1. Hidden away in the National Archives in Washington, D.C., lie thousands of pages of documents stamped "Top Secret". Now declassified, these documents show the plans for Operation Downfall, the invasion of Japan during World War II. Few Americans in 1945 were cognizant of the elaborate plans that were prepared for the Allied Invasion of Japan. Even fewer people today are aware of the elaborate plans the Japanese had to repel the invasion, had we launched it. Operation Downfall was finalized and planned for the spring and summer of 1945. Two massive U.S troop dispersals were to be carried out in succession and aimed right at the heart of Tojo and his empire.

    Fourteen combat divisions of soldiers in the first wave and twenty two divisions in the second would go up against 1 million Japanese defenders. Three million more U.S. soldiers in support rolls, or more than 40% of all servicemen still in uniform in 1945, would be directly involved in the two amphibious assaults. Casualties were expected to be extremely heavy.

    Admiral William Leahy estimated that there would be more than 250,000 Americans killed or wounded on just one of the islands, Kyushu, alone. General Charles Willoughby, chief of intelligence for General Douglas MacArthur estimated American casualties would be one million men by the fall of 1946. Willoughby's own intelligence staff considered this to be a conservative estimate.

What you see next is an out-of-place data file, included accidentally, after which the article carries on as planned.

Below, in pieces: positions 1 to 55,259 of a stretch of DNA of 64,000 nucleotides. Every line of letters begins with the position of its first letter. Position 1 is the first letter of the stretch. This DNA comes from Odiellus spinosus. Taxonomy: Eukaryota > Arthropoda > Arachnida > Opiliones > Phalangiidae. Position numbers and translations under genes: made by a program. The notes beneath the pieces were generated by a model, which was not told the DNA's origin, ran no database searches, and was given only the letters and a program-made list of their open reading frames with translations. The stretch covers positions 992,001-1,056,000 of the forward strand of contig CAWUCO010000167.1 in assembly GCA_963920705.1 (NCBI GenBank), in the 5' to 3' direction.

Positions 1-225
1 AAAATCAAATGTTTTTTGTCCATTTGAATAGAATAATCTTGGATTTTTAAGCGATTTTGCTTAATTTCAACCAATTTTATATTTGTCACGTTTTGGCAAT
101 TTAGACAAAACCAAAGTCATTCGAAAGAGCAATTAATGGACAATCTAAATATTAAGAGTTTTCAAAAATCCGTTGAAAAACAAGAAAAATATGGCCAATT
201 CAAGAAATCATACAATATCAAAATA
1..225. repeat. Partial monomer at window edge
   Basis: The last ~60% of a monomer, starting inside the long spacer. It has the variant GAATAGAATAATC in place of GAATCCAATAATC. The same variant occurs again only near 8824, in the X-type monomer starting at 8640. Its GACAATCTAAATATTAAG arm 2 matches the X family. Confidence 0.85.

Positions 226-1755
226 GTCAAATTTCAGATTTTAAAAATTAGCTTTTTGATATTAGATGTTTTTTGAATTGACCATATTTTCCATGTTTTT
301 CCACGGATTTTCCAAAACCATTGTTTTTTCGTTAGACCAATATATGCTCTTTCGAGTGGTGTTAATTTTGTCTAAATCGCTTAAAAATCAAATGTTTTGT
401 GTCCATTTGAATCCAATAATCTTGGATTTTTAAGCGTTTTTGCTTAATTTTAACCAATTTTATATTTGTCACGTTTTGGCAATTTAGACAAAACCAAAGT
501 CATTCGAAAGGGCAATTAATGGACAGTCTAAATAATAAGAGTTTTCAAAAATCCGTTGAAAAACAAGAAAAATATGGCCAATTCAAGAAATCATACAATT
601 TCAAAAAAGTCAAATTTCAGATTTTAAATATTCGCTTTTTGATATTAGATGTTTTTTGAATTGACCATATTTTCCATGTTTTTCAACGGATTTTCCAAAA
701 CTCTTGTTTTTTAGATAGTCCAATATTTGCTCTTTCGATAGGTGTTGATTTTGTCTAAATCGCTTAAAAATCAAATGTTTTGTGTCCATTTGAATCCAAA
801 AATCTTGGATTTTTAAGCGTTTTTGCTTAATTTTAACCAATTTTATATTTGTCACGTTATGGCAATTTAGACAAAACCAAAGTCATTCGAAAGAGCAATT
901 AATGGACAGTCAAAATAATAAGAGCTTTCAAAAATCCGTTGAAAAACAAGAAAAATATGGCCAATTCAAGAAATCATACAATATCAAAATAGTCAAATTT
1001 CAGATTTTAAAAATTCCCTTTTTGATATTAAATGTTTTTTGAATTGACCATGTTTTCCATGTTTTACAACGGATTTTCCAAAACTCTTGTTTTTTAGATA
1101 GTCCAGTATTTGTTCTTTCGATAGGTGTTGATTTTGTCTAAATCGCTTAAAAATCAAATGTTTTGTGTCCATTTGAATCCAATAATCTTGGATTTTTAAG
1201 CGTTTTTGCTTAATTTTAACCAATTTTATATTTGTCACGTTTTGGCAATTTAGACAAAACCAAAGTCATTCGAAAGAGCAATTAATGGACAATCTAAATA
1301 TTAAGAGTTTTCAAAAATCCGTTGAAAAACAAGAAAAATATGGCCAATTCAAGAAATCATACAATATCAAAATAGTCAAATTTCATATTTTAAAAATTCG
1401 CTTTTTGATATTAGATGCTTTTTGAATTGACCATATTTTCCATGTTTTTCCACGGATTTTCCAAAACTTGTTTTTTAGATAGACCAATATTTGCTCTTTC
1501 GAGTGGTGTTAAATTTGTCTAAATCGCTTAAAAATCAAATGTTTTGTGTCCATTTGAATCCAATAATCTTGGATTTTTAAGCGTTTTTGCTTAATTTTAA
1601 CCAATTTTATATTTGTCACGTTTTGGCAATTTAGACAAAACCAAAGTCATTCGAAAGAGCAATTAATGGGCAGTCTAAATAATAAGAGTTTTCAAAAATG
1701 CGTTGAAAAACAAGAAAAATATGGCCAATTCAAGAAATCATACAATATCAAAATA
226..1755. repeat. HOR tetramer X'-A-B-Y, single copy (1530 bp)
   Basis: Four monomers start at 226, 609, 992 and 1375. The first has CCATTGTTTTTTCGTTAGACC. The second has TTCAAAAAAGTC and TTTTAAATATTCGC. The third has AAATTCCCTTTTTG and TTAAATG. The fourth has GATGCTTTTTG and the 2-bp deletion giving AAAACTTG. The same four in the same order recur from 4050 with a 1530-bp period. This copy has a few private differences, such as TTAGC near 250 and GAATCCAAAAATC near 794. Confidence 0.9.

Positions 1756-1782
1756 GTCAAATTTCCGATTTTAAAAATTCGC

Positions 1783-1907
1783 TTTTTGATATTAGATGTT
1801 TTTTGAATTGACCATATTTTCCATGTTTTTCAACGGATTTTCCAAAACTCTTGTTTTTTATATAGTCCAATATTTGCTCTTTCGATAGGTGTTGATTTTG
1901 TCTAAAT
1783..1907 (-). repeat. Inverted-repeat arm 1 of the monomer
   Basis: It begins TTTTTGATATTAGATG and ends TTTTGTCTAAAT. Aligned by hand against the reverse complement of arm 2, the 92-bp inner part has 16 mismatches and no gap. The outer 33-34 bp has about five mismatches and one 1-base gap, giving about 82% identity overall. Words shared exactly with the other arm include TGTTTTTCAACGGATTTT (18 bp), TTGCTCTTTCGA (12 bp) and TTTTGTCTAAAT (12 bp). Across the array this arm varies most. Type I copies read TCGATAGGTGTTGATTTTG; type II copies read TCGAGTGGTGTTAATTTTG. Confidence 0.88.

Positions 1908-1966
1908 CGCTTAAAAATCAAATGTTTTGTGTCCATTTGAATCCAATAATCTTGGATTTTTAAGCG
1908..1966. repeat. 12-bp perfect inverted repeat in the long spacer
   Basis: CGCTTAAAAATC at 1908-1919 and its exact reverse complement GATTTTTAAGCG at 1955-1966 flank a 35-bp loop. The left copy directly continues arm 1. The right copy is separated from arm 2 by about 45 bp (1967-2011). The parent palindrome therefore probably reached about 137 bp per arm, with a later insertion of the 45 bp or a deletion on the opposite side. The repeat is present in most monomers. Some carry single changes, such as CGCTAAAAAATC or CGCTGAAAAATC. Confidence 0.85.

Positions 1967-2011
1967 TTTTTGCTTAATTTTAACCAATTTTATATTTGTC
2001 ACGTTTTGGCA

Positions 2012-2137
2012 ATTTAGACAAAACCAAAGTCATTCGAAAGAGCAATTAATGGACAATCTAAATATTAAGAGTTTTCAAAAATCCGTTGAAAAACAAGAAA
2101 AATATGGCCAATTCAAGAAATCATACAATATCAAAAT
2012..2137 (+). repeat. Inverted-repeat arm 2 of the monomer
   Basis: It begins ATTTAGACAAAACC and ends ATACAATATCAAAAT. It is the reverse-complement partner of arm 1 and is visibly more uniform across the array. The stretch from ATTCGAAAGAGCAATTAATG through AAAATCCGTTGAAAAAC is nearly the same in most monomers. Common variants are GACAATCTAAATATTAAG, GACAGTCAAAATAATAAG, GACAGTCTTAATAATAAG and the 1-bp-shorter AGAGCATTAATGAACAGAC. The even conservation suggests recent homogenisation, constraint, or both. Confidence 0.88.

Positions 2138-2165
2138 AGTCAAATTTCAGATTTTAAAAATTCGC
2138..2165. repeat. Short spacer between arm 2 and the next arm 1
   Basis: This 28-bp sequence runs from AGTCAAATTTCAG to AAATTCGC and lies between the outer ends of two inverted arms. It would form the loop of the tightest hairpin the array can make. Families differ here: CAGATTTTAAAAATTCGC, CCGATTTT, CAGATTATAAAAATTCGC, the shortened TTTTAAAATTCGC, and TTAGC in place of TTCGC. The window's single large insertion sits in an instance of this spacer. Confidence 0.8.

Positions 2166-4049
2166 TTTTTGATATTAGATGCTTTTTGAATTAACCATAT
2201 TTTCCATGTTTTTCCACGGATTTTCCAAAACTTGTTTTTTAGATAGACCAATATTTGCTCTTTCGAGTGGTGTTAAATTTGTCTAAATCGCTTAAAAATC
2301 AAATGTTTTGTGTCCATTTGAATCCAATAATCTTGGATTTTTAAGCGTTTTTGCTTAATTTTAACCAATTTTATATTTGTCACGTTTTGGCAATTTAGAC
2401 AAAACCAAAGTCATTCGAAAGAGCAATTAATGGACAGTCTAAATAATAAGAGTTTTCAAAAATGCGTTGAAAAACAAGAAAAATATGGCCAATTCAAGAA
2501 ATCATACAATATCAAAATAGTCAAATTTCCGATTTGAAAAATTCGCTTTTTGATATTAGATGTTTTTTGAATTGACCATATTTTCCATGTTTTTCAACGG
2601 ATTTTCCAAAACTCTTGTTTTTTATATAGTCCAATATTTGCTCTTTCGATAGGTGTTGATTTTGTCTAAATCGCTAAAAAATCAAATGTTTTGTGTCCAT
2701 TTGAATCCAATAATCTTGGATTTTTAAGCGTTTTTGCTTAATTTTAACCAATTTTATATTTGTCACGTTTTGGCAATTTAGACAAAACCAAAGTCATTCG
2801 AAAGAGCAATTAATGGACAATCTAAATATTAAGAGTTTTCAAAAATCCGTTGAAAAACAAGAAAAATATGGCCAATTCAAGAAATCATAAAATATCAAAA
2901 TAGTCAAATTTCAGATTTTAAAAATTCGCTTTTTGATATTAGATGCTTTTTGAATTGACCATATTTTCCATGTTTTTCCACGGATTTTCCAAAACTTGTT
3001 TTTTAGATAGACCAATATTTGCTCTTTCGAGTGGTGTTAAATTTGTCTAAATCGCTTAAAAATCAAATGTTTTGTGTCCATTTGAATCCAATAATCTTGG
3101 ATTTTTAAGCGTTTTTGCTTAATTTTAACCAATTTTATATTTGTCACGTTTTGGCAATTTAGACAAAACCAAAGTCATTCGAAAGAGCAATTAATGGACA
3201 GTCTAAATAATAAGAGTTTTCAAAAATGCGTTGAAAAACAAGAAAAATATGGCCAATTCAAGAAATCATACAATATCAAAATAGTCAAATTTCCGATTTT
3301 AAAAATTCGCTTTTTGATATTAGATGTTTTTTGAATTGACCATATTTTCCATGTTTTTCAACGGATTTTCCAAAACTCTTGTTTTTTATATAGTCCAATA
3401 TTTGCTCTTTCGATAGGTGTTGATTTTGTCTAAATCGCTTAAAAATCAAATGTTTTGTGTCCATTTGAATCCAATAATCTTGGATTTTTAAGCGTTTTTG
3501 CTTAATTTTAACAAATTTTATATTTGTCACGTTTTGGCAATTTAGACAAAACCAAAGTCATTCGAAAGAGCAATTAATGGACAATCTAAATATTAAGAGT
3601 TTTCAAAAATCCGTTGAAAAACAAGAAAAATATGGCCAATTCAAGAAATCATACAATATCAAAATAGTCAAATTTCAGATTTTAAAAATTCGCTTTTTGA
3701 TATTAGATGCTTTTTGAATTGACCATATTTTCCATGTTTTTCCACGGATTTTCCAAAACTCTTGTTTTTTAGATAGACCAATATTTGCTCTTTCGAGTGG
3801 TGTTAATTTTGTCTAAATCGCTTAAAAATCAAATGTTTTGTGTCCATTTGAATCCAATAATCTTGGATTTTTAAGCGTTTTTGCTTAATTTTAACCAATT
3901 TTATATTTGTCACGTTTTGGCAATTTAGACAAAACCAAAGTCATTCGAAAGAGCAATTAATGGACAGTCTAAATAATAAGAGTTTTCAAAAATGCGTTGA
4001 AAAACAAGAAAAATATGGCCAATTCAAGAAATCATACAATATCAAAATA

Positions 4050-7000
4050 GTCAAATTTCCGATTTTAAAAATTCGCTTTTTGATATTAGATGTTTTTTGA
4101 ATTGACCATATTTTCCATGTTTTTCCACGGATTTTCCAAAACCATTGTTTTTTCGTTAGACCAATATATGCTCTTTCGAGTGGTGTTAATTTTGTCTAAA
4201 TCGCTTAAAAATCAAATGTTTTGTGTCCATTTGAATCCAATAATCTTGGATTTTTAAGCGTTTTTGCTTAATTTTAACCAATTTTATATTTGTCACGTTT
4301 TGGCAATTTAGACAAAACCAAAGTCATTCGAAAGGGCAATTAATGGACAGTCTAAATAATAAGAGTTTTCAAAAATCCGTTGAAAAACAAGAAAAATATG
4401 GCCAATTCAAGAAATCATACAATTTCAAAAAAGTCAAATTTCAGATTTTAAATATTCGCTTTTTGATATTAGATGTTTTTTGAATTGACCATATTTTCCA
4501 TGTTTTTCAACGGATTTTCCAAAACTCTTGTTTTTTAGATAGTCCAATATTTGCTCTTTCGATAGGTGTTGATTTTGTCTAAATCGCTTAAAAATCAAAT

2. Being someone who grew up in a contentious environment, I find that anyone willing to bring harm to another human being because of what they lack, what they perceive, or because they can, exhibit no mettle or moxie...just a misplaced sense of bravado. Sitting around thinking about the worst of things will bring about a mindset of protection (survivability). For me, it is about war...the war you wage with yourself to deliver you from your worse self. That is the only war that should perpetuate.

  3. LaKeviusM: I've read a couple of your comments here on the Blog. It's obvious you're reasonably intelligent. With that in mind, clarify, if you will, for this simple soul, something from the previous post. When you say, "I find that anyone willing to bring harm to another human being because of what they lack, what they perceive, or because they can, exhibit no mettle or moxie..." I'll assume you are referring to "they" as being the persons bringing harm, correct? If this be the case, these would also be the people you say have no mettle or moxie. Question: How does this apply to the men cited for delivering us from the the evils of WWII, like Patton, MacArthur and Eisenhower, as mentioned in the post to which you originally responded?

  4. mettle – noun
    1. courage and fortitude: a man of mettle.
    2. disposition or temperament: a man of fine mettle.

    moxie – noun Slang
    1. vigor; verve; pep.
    2. courage and aggressiveness; nerve.
    3. skill; know-how.

    bravado – noun
    a pretentious, swaggering display of courage.